But the name of the Master Teacher in whatever language spoken is not important beyond what is needed to communicate the ideas to others.  Rather what is important is that the very same Informing Mind is active today in the unified human mindscape to inform you, too. For, as the natural worlds of space and time in uncountable dimensions are held in sync by the laws of physics and chemistry, so it is that The One Mindscape is held in sync with all minds by the Laws of Thought.  This is reducible to two simple premises: 1) That Mind is Truth and 2) Participation in Truth is Mindfulness.

The process of learning the truth is both exciting and frustrating. Learning the truth is frustrating because one must work against the gravity of one’s own ignorance multiplied by the ignorance of all those around you who reject the truth. That is like a heavy weight pressing against one’s body, mind, and soul. It was frustrating for Malcolm.  He says that he could not express himself clearly even though on the ‘streets’ he was articulate in slang.  But now, in prison, he realized he was inarticulate and dysfunctional when it came to communicating his ideas in a formal manner.  He was surrounded by those who spoke illogically and in slang.

But learning is also exciting. Despite all the many adversities he faced, Malcolm began to structure his thinking, writing, and speaking skills. He began with the letter ‘A’ and by the time he had finished his study of the dictionary at the last word ‘zygote’ of the letter ‘Z’ he had achieved a milestone in his quest to learn the skills necessary to become a social contributor and icon for his community.  You can do it, too. Wherever you are get a dictionary. Start copying it by hand on tablet paper.  You’ve got to start now!  Open your mind to the Master Teacher.

 

 

De Facto State Policy: Put African American Males into Concentration Camps, by Dr. Steven Nur Ahmed

African American males are now de-facto enemies of the state. The de-facto California State parole policy for Oakland and all major cities throughout the nation is to put African American males in inner city concentration camps under the guise of ‘reentry’ into the community by parole and probation. The facts compel this conclusion. The distribution of parolees in Alameda County is incontrovertible proof of that conclusion.  It is a policy long in the undertaking. This is how millions of African American males were set up to be legally denied the exercise of their rights under the United States Constitution.  The justification for that policy rests upon the construction of violent crime within the city.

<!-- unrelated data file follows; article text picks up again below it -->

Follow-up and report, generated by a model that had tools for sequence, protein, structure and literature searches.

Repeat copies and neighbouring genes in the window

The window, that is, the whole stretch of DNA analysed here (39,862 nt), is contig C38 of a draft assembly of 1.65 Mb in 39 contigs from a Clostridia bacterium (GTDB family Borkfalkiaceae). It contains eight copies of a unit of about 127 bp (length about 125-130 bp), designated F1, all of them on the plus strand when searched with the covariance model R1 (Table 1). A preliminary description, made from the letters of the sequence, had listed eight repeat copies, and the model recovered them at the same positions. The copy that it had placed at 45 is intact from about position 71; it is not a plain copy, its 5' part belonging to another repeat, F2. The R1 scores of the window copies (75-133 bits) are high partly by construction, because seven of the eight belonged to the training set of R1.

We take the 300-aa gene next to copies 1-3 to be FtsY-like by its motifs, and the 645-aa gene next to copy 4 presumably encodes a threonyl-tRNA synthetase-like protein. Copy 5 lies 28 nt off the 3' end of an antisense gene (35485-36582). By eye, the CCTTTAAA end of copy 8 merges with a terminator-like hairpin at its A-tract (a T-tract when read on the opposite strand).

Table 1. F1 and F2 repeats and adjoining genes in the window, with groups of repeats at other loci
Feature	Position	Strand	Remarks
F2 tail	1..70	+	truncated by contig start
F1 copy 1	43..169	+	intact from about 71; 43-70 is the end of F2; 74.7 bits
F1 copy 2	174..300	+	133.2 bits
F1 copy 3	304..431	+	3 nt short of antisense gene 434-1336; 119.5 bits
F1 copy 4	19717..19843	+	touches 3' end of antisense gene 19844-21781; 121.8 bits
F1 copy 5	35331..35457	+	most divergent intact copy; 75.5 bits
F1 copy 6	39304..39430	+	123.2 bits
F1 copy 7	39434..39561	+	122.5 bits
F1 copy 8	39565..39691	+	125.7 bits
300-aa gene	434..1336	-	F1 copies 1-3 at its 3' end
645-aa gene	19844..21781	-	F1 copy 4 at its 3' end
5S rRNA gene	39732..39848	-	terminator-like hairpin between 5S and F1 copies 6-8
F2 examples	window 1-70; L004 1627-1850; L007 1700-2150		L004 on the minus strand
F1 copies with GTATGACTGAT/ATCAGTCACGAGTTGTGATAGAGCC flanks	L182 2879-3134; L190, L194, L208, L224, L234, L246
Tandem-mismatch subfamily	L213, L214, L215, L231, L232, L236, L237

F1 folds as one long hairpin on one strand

It is February 2013 and Oakland has already recorded 9 homicides. No doubt by the time this is published it will be higher. For over 37 years, Oakland has had a minimum of  sixty-six homicides in 1970 and a maximum of 165 in 1992. So, there has been no progress made in the reduction of the homicide rate in over thirty years despite an increase in the number of police, candle light vigils, and ‘get tough on crime’ policies out of Sacramento.

The felony assault figures in the city of Oakland are even more descriptive of what ails the city. The average annual number of felony assaults is 3,219 for a thirty-eight year period. Many of those assaults are for attempted murder. That figure should be taken as seriously as the murder rate.

It is no denigration to say that Oakland is a violent city. It has been a violent city for a long time. The ripple effect of such a violent environment spreads far and wide. I know that personally because six of my friends and relatives including my brother and a sister in law have been murdered in Oakland. So, aside from the immediate death of the victims of murder, over four thousand since 1969 through 2007, there are tens of thousands of traumatized family members living in the same geographical location where the murders have occurred and who are nagged by the constant memory of tragedy. The city of Oakland by the gravity of their aggregate sadness is cast with a visage of constant mourning.